Senators Probe Bank's Role in Pinochet Scandal

Senators expressed outrage Thursday at the failure of Riggs Bank (search) executives to act while managers helped former Chilean dictator Augusto Pinochet (search) conceal millions and turned a blind eye to improper payments to officials from Equatorial Guinea.

Striking details such as a suitcase stuffed with cash became public at a Senate hearing into Riggs' handling of the accounts. Lawmakers said it was impossible that bank executives were unaware of the actions.

In fact, the bank's former chairman and chief executive, Joseph Allbritton (search), went to Chile to solicit Pinochet's business a decade ago, and he and other senior bank officials were familiar with the transactions in Pinochet's accounts, senators said.

Account managers, working with Pinochet from 1994 to 2002, set up phony offshore companies and hid the existence of his accounts from U.S. examiners, according to a report by the Senate Governmental Affairs' investigative subcommittee.

During that period, prosecutors in several countries were seeking an accounting and freeze of his assets.

"How do you basically live with yourself?" Sen. Carl Levin, D-Mich., asked Riggs executives. "Somehow or other there's got to be a conscience in here."

Federal regulators were faulted for lax oversight of the bank, which has deep ties to the diplomatic community. U.S. oil companies were cited for payments to officials of Equatorial Guinea and their relatives, and to businesses they controlled.

The State Department has cited the poor West African country for human rights abuses, corruption and diversion of oil revenues to government officials.

With $700 million in accounts and certificates of deposit for the Equatorial Guinea government, its officials and their relatives, the country was Riggs' biggest single customer.

Using wire transfers, some $35 million was shifted from an account that held oil revenues for the country's people and put into offshore companies, the report said.

A former Riggs senior vice president who was in charge of the Equatorial Guinea accounts, Simon Kareri, invoked his Fifth Amendment right against self-incrimination at the hearing and refused to answer questions on the bank's handling of the accounts.

The report said a Riggs account manager brought a 60-pound suitcase full of dollar bills into the bank to make a deposit into an account of Equatorial Guinea's president, Teodoro Obiang.

"If that kind of cash deposit doesn't make a bank sit up and ask questions, I'm not sure anything will," Levin said.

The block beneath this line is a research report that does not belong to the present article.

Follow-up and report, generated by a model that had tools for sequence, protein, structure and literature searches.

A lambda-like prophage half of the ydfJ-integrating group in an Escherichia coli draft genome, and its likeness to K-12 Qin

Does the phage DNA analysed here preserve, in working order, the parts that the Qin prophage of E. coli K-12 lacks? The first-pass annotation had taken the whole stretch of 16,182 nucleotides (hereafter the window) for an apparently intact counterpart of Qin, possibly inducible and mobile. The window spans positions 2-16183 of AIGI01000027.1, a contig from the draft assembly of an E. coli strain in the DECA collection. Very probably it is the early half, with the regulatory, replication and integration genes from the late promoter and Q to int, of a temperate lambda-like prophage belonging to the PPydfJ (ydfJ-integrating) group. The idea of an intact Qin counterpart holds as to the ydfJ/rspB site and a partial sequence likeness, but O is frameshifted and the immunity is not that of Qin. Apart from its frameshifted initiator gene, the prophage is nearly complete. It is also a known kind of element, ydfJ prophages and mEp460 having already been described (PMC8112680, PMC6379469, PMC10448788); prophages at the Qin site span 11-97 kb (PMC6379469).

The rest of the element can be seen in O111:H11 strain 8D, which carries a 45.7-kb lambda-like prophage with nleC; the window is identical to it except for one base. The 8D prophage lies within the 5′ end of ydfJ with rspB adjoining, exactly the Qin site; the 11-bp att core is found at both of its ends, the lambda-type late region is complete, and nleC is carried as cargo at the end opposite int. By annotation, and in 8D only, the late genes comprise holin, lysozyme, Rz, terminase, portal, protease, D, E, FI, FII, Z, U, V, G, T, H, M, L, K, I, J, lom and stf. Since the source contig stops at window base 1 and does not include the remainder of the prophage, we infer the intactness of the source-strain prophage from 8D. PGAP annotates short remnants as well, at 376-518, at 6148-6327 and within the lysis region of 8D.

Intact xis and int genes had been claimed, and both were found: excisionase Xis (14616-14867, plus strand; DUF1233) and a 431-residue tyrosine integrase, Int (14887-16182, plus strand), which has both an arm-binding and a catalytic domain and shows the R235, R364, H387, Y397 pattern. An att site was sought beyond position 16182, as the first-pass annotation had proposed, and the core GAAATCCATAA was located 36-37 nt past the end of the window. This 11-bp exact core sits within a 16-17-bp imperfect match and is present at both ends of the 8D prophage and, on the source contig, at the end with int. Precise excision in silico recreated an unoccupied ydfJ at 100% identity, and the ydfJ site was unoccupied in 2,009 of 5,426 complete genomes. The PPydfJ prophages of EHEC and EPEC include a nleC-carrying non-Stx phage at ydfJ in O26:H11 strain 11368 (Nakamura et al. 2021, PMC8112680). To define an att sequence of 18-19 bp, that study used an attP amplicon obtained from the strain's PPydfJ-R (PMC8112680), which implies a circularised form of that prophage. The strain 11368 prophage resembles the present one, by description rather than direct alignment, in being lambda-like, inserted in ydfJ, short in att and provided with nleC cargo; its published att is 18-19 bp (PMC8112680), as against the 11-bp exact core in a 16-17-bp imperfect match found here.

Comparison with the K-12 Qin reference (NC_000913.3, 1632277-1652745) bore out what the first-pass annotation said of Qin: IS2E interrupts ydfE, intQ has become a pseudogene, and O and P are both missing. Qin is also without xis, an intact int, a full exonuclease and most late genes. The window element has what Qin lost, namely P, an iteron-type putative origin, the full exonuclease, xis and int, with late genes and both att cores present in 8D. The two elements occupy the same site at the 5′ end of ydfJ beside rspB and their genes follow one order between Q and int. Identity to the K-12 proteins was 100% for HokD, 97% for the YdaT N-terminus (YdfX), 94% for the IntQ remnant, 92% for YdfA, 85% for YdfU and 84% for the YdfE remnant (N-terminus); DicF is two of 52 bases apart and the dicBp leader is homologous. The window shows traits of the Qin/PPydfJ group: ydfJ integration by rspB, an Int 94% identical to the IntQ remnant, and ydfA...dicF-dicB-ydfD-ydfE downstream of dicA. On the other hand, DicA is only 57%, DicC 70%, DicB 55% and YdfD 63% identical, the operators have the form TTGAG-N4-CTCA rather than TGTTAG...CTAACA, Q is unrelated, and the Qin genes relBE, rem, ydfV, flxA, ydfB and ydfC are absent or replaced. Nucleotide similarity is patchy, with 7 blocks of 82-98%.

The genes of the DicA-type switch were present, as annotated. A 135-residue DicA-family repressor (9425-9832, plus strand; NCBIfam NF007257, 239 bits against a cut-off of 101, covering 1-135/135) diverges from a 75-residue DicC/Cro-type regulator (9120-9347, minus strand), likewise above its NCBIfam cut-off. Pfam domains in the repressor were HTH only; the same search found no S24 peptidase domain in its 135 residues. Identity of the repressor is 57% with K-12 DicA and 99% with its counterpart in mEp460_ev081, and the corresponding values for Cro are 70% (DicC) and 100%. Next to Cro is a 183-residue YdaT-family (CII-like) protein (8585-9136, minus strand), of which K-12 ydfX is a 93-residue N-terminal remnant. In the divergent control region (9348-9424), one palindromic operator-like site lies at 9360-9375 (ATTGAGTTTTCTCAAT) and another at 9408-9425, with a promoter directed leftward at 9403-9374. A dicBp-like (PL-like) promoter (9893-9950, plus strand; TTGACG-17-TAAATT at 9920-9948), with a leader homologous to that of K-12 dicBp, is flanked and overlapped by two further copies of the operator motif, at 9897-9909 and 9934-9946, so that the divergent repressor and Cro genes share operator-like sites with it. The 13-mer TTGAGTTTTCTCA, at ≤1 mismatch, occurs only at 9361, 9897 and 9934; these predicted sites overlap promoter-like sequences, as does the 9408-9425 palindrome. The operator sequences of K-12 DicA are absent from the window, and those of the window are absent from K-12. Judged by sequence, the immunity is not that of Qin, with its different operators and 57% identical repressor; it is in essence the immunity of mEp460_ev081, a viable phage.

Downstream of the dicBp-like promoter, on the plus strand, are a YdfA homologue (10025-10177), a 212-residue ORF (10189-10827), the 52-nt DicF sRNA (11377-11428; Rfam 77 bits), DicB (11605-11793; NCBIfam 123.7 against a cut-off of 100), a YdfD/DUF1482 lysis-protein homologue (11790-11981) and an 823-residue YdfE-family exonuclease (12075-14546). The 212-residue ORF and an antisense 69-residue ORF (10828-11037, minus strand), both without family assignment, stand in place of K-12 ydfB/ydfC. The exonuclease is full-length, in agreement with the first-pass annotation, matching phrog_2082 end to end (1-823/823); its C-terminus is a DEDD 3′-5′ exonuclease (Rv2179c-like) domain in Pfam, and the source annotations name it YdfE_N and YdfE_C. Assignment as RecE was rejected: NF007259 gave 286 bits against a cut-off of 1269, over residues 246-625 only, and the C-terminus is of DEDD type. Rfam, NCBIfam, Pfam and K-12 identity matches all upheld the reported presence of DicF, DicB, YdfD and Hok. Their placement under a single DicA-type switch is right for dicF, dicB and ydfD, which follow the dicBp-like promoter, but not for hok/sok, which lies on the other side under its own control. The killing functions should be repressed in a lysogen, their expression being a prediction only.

Riggs was fined a record $25 million in May by federal banking regulators for allegedly failing to report suspicious transactions in the Equatorial Guinea accounts and those controlled by Saudi diplomats in Washington.

"I sit here in amazement ... to see how casually they dismissed the rules" to prevent money laundering, said Sen. Frank Lautenberg, D-N.J.

In Chile, President Ricardo Lagos said government authorities may investigate the allegations concerning Pinochet's accounts. Associates of Pinochet, who ruled Chile from 1973 until 1990, denied that the accounts existed.

Pinochet's younger son, Marco Antonio, termed the Senate report "mere lies."

Executives of the U.S. oil companies — Amerada Hess, ExxonMobil and Marathon — said at the hearing they have complied with U.S. anti-bribery laws and have entered only into legitimate business ventures in Equatorial Guinea.

Testimony under oath by a Riggs executive concerning Pinochet's accounts conflicted with sworn written statements by federal regulators whom he formerly supervised. Levin said he wants the Justice Department to investigate the discrepancy.

There is "a very direct conflict on a very critical point," Levin told R. Ashley Lee, executive vice president and chief risk officer at Riggs. Lee was the lead examiner for Riggs at a Treasury Department agency from 1998 until he retired in October 2002 and went to work for the bank two weeks later.

The report said Lee instructed agency staff who had looked into the Pinochet accounts not to put their examination memos or supporting paperwork into the agency's electronic files.

"I made no (such) instructions to anybody," Lee said at the hearing.